How to use your Facebook page wall to engage your existing fans and to find new ones
This is a post by Novel Publicity President, Emlyn Chand/ On Quick Tips Fridays, you’ll find short and sweet articles with advice about social media, blogging, and sometimes even writing. My intent is to draw focus to special tricks of which you may not have been previously aware. Every Friday, I’ll give you something new to think about, something quick and easy. I’ll tell you why you should consider doing it and how. That’s it. Quick tips on Friday: Quick Tip Fridays.
This week’s tip is…
Use your Facebook page wall to engage your existing fans and to find new ones
Why you want to do this…
What, you don’t want more fans? You don’t want to talk all of the wonderful people that already like you? Well, excuse me, then this article just isn’t for you. The other 99.9% of us know that fans and followers make the online writing experience more enjoyable than any other component.
In times of writing sorrow (i.e. when you’ve just received a rejection for a literary agent or a bad review on Amazon), our supporters are there to offer encouragement and remind us that we are worthy to pick up the pen once more. When writer’s block grabs hold of your brain and refuses to let go, our supporters may offer the seed of an idea that springs into a tree that has branches to take you through to the end of your story.
Writers need community probably more than any other profession—we write in solitude, we package our souls for public scrutiny, we sometimes forget the difference between reality and fiction—we need each other! As I’ve said many times over, Twitter is the best way to find new friends; Facebook is the best way to engage your existing chums (read more about that here).
How to do it…
I know you already have a Facebook author page, right? If you don’t, go set one up immediately whether or not you’ve already had your work published (here’s my 20-step guide for setting it up). Do you have a bunch of fancy apps on your page but realize that no one is interacting with them?
The reason is that your followers will have to take extra efforts to seek out these features (like the discussion boards). Wall posts on the other hand, just pop right up on users’ main Facebook page. It’s easy for your fans to see what you are up to and to interact when the spirit strikes.
Keep the fancy apps, but use Facebook in a much more fundamental way too. Post to your wall each and every day. I’m not asking you to spam your followers, but rather to engage them. Try to keep your posts down to one or two per day (unless for some special reason you absolutely need more).
Don’t use Facebook with braggadocio and don’t dump your problems on everyone. People don’t like it when their Facebook friends do this; they’ll like it even less when pages do it. Remember, you are a brand, not just a person. You need to represent yourself, your existing body of literature, and all of your future literature effectively and professionally.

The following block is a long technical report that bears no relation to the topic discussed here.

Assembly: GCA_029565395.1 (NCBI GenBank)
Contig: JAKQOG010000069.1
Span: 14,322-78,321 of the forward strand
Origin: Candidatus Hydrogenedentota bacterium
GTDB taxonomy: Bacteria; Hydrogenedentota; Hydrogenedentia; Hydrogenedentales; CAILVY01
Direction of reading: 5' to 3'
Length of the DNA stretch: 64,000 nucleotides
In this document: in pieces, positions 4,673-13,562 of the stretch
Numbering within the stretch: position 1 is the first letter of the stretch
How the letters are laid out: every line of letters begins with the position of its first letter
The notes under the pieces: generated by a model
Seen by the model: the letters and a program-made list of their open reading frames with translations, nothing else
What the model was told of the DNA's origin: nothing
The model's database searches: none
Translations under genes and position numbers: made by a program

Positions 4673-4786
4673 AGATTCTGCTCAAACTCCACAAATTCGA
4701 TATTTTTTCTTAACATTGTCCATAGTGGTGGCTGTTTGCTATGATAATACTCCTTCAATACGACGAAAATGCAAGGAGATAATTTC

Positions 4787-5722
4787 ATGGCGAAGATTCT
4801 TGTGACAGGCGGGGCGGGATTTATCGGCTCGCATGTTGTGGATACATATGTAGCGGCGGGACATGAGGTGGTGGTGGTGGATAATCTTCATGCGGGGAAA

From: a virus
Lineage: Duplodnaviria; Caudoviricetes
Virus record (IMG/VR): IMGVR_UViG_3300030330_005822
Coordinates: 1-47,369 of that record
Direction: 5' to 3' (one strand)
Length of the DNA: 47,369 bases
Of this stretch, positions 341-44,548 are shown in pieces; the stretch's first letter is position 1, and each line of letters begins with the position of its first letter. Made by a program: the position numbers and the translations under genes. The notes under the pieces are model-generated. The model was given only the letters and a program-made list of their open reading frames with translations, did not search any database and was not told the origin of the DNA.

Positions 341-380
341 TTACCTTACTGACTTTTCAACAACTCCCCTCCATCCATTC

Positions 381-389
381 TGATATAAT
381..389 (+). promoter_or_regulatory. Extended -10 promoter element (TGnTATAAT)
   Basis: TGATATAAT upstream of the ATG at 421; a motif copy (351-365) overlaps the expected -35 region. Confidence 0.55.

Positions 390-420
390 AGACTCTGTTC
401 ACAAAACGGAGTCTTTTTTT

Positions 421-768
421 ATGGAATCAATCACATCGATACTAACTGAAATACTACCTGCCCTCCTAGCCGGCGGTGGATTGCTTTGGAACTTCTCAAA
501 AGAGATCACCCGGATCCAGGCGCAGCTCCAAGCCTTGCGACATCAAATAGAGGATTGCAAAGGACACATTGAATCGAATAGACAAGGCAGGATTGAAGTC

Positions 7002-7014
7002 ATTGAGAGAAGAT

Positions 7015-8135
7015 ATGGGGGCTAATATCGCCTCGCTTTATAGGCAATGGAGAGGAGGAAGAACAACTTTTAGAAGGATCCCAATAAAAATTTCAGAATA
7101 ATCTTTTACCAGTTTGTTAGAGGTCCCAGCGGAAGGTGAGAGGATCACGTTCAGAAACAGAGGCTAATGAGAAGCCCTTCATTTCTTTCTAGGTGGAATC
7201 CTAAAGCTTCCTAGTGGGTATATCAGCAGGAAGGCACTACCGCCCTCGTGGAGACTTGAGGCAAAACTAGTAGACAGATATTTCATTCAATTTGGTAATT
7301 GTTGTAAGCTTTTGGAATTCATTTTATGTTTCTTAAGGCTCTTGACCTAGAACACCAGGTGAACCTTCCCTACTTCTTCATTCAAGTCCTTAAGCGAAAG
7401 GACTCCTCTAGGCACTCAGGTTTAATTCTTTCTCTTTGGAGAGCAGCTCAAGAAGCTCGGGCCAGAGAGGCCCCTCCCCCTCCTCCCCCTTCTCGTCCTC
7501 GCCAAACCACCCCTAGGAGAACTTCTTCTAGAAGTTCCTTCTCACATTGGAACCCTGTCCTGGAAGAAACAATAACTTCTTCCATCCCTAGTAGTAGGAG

Talk to your fans about issues that matter to them and are relevant to the main thrust of your page. One strategy I’ve hit on for the Novel Publicity fan page is to ask a daily question to writers. Each day I post a new question eliciting feedback. Today’s is “If you weren’t a writer, then who would you be?” I’ve also posted questions about self-publishing versus traditional publishing, inspiration in writing, writer’s resources, favorite books, and more. I get tons of feedback and usually 5-10 new fans per day (since starting this method). Try using this strategy for your own page.
This is especially effective if you cross-pollinate your social media sources. Send out a couple of tweets letting people know what the question of the day is and linking to your fan page—don’t forget to include hashtags. Include a note in the day’s blog post or add a comment on to your most recent entry enticing fans to check-out the question of the day. You’re guaranteed to not only get interaction from your existing fans but to also find new ones along the way.
I have many other strategies that I use to entice people to my fan page (like karmic liking chains, tagged links, and more), but this *is* Quick-Tip Friday, so I guess I can’t elaborate.
Emlyn Chand was born with a fountain pen grasped firmly in her left hand (true story). Novel Publicity's mascot is a Sun Conure, thanks to her obsession with birds–and she gets to decide anyway since she is the company's founder and president. Although her first novel Farsighted won the prestigious Writer's Digest Self-Published Novel of the Year award in 2012 for the YA category, she now writes most of her fiction under her “real” name, Melissa Storm. Learn more or connect with her (or her Sun Conure, Ducky!) on either of her author websites: www.emlynchand.com or www.melstorm.com. You can also friend her on Facebook, tweet with her @novelpublicity, or send her an email via [email protected].